Saturday morning came and while my team mates were taking part in a very large ‘Fitclub’  I was able to grab a coffee, get my bearings and feel prepared for the next few days.

We came to entering the training room and a member of staff quickly found me (having the only dog in the building will get you noticed!!)

My team mates explained (because it was too loud for me to hold a conversation) that I would need to be seated near the front with space for both me and Fizz, but not in a direct walk-way as this could put Fizz and others in danger (black dog in a dark venue is a real trip hazard)

So, the staff guided me down the steps of the auditorium and sat me at the front, but with space the side where Fizz would be able to lay out.  Brilliant, a seat was allocated for my team mate too and I thought all was ok.  That was until the music started.  It was not that it was LOUD.  It was the fact that it was coming from a large speaker right beside where Fizz was to be able to rest…. let’s just say, she would have probably been more likely to burst an ear drum than relax.

No trouble I thought my friend and companion  Jenny got the attention of the staff, asked for us to be moved and off we went.

The next seating we were offered would see Fizz sat directly beside the auditorium steps (a major trip hazard)  but as the seating within the venue was fixed in place the staff were a little perplexed.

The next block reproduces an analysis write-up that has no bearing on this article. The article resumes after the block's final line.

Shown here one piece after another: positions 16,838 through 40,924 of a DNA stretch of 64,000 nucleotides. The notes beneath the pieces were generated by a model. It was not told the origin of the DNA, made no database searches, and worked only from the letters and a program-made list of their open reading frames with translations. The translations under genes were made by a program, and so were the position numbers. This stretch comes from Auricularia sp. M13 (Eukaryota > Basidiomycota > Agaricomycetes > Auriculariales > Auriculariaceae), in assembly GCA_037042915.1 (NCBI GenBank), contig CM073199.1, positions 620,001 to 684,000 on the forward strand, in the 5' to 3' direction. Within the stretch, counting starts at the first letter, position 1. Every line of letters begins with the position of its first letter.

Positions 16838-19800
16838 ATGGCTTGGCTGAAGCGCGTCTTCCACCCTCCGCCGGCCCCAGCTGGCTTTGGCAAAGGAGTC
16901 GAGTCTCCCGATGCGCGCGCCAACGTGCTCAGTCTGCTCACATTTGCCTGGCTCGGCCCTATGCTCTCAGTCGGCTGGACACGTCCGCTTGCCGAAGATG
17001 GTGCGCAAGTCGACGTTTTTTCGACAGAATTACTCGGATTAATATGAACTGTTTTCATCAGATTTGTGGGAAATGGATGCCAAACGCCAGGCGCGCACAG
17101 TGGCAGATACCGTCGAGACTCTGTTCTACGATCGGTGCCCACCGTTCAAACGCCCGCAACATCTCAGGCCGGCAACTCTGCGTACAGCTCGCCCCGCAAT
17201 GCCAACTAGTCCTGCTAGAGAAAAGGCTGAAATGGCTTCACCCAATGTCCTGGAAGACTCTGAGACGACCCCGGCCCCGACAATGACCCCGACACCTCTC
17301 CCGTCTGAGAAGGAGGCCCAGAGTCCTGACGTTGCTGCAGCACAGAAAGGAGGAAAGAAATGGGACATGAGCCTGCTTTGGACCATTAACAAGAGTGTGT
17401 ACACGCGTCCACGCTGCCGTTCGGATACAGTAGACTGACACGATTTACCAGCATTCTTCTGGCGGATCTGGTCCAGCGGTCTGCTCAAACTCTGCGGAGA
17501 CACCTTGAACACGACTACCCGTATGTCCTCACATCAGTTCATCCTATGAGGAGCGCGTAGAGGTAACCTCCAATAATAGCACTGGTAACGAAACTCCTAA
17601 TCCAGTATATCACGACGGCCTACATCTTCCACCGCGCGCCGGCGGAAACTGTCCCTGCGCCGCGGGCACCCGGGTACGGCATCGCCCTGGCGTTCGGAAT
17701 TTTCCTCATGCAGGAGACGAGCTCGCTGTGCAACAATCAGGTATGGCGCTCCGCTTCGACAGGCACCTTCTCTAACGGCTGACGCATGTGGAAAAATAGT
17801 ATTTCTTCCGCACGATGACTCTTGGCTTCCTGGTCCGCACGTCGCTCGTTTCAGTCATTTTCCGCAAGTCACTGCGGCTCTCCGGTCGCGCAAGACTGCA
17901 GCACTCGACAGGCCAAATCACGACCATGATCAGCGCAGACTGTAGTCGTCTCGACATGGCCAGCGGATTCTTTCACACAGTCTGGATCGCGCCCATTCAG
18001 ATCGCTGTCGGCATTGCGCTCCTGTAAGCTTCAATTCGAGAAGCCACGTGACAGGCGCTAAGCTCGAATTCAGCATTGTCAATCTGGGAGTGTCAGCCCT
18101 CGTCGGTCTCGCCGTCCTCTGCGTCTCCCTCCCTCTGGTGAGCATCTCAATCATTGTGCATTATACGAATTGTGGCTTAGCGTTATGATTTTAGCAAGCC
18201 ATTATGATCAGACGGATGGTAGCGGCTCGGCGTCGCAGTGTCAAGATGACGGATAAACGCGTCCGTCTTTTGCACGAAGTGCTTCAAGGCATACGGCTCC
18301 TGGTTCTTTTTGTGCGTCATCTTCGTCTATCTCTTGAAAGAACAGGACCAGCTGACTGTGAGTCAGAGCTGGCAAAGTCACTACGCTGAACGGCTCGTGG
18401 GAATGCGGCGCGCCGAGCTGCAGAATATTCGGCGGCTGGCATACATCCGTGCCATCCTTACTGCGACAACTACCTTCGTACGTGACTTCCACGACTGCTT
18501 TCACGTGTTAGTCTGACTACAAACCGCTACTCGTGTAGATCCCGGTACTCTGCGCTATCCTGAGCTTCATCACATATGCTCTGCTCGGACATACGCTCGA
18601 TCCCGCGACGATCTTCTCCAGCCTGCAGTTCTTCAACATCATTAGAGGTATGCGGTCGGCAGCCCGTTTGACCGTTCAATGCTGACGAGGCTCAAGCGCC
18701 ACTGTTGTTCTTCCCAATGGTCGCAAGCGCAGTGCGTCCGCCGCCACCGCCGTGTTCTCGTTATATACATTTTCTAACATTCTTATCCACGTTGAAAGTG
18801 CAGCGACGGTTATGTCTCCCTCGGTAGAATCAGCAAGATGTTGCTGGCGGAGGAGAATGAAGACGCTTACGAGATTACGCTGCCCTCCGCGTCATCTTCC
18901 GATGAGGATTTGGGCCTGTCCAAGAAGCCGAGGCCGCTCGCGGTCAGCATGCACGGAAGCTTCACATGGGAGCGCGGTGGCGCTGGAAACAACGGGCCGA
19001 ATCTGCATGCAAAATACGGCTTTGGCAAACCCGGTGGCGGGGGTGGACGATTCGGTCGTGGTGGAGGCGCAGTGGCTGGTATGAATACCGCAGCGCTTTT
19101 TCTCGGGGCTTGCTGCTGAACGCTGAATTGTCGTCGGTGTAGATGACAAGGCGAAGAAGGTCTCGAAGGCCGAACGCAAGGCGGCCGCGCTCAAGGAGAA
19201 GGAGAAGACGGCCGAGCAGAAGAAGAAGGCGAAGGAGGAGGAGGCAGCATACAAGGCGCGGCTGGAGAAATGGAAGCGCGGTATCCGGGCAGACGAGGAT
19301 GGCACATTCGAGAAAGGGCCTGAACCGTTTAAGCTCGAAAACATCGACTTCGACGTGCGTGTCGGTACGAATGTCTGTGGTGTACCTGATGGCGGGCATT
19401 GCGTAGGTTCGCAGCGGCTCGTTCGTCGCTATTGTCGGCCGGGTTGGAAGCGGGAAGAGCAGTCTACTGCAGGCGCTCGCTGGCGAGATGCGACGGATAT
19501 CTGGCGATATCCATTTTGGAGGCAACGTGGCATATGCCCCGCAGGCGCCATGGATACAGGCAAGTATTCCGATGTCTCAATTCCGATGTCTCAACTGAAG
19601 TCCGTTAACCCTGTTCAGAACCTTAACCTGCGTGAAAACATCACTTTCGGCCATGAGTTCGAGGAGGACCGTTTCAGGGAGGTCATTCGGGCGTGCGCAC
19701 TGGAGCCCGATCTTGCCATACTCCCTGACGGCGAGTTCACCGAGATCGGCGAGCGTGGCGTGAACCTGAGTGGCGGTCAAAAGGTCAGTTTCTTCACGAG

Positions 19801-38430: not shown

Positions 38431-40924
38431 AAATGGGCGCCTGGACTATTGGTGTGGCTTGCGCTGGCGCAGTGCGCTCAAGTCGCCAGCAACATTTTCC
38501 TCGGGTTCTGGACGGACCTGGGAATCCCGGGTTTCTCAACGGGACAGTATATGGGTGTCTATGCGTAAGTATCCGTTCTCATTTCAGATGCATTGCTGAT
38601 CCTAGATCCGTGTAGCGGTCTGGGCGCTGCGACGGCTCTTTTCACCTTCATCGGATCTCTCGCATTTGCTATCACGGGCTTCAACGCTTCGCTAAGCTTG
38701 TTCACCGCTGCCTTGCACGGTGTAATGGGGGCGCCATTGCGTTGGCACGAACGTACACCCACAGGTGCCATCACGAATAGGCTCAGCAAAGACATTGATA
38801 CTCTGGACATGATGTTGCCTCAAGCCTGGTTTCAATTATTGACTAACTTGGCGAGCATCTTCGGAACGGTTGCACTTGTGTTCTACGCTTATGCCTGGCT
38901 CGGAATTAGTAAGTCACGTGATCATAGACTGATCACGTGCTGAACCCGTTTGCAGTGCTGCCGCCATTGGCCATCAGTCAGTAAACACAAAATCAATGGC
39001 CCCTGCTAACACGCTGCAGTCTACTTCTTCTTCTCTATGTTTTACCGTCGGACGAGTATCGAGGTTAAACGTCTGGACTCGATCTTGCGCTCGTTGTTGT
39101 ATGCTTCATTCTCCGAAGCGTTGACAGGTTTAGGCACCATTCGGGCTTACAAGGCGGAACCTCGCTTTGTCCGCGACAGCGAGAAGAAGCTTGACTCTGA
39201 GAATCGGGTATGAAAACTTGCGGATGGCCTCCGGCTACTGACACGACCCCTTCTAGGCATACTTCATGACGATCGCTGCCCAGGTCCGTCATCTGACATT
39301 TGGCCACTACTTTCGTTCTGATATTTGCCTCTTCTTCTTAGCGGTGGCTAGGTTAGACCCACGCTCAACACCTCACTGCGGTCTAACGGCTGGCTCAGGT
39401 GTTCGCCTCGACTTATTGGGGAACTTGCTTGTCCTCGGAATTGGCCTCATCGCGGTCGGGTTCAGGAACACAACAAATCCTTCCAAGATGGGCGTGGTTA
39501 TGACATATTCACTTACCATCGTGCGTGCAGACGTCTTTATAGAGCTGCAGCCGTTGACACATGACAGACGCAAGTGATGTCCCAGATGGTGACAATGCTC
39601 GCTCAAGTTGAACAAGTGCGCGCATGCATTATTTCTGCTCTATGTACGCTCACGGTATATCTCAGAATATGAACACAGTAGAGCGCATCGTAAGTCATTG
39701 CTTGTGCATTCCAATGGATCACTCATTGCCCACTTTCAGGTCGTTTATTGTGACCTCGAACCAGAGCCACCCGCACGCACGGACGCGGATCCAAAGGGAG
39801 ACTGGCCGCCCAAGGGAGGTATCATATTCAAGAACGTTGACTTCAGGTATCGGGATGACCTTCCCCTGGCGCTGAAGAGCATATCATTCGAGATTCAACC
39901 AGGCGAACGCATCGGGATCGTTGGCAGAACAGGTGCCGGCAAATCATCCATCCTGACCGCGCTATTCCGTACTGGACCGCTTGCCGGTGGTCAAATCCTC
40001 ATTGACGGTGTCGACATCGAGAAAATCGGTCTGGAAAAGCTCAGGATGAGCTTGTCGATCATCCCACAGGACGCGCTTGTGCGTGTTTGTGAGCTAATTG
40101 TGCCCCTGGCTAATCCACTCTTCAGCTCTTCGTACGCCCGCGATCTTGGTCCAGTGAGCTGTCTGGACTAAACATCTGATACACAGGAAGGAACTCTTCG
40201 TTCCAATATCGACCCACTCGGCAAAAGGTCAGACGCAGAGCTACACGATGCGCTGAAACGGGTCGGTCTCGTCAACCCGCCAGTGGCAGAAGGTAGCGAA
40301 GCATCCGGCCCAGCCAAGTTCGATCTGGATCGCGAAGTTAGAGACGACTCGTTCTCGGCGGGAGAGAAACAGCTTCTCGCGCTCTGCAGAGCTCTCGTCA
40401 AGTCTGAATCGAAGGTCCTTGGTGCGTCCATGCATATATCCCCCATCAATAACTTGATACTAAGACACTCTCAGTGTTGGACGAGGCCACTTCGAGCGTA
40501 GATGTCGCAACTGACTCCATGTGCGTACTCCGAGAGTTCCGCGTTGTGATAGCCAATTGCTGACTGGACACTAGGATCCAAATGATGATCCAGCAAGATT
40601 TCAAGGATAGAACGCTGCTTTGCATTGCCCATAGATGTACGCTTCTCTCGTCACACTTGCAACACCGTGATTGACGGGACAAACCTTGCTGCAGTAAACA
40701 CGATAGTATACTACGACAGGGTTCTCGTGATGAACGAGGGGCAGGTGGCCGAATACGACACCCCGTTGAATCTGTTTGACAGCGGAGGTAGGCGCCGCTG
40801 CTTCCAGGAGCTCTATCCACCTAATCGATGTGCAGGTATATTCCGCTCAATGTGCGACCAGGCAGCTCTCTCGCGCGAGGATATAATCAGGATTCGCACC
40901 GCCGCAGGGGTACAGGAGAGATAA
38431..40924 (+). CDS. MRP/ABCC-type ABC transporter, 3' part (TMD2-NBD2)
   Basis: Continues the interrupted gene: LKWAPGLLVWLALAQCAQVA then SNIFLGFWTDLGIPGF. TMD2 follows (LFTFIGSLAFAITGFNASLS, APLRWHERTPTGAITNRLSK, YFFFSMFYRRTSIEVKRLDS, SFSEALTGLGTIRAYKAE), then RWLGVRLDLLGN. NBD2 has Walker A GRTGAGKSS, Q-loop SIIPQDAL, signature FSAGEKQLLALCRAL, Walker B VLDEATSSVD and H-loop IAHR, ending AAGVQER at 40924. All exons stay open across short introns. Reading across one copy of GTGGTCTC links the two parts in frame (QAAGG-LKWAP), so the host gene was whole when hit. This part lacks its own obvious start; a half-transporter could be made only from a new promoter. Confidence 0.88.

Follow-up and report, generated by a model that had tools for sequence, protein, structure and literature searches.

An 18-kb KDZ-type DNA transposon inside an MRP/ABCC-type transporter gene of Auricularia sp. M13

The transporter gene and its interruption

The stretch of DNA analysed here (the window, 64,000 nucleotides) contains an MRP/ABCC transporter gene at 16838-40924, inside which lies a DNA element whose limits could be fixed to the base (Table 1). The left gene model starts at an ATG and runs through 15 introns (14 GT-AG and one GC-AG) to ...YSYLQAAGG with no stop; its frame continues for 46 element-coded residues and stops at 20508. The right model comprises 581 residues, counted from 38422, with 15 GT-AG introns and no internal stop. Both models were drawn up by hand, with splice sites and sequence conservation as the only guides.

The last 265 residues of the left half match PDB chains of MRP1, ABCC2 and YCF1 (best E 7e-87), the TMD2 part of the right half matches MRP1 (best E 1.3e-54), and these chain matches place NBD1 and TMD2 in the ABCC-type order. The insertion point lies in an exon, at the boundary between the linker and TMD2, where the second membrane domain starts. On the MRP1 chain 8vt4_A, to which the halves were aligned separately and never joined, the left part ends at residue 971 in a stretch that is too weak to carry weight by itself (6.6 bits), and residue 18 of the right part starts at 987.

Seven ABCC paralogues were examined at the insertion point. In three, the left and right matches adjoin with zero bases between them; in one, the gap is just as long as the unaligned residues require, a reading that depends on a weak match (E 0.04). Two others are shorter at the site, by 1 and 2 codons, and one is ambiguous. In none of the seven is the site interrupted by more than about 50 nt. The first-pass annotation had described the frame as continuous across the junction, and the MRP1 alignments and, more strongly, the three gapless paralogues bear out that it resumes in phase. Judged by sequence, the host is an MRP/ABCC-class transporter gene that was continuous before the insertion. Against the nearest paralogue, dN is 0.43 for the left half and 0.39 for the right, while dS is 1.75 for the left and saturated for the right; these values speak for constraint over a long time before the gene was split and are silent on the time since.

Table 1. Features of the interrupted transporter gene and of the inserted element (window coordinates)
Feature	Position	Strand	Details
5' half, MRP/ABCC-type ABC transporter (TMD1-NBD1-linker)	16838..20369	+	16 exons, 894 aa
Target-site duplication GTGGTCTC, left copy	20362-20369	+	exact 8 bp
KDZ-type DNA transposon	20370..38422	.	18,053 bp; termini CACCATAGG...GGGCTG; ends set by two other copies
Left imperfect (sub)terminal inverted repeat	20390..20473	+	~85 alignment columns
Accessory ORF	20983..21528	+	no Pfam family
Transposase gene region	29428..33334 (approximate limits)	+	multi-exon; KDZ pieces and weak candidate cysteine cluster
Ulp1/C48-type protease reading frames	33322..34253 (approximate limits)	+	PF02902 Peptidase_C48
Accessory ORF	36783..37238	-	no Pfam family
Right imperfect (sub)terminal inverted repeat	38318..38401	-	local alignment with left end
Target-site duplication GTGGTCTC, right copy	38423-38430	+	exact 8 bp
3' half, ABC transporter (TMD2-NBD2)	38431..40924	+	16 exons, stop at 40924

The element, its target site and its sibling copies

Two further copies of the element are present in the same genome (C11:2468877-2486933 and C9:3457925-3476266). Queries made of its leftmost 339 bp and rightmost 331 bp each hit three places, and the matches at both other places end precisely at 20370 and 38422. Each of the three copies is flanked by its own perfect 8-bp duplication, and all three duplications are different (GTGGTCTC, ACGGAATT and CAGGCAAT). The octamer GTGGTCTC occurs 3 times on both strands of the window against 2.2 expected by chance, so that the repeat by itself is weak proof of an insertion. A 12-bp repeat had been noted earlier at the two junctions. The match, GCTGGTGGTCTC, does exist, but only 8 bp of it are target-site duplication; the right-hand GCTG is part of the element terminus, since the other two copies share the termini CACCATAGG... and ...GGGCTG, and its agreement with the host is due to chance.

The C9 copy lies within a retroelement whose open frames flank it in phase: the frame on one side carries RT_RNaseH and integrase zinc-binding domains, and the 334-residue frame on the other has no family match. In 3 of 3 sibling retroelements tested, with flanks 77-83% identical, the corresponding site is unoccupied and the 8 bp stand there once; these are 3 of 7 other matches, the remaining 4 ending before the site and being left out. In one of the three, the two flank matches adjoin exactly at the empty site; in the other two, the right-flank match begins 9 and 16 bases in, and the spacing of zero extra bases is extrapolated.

Another member of staff was called upon and it was decided that a couple of chairs could be brought in from outside and placed by the door……

“Um sorry I am not sitting right beside the door, where people will be coming and going throughout the day, that’s hardly relaxing for Fizz or suitable for me.”

So the chairs were moved and we were seated beside the camera mans tripod.  But that was ok; at this time the meeting was starting and I just wanted to sit down.

So me and Jenny moved the chairs across slightly giving Fizz the space to lay down.  But by this point not only was I feeling anxious and upset, I was also feeling that because our seating was so different to everyone else that I was on show, a bit of a ‘look at our token blind guest’  and this was what ALMOST saw me walk out.

I messaged my teammate and cousin Charlie with a very frank, honest, choice set of words and we simply replied

”Stay put I will sort this”

Charlie is a rock.  Jenny got me a drink and Fizz nudged at me as if to say ‘it’s ok mum’

Charlie sent me a message a few moments later that simply said “it’s sorted” so I sat, listened to the speakers and awaited the break.

At the break we stepped outside and were greeted by the events coordinator who moved me away from the crowds (these events have upwards of 2000 people attend) and explained that there was a larger room just opposite that had the lights up, had tables, plenty of space and a large screen that was streaming the main event directly into the room.

Well considering at similar events I can only just watch the stage via the screens and never actually see the people as they stand on the stage, this sounded like a good solution.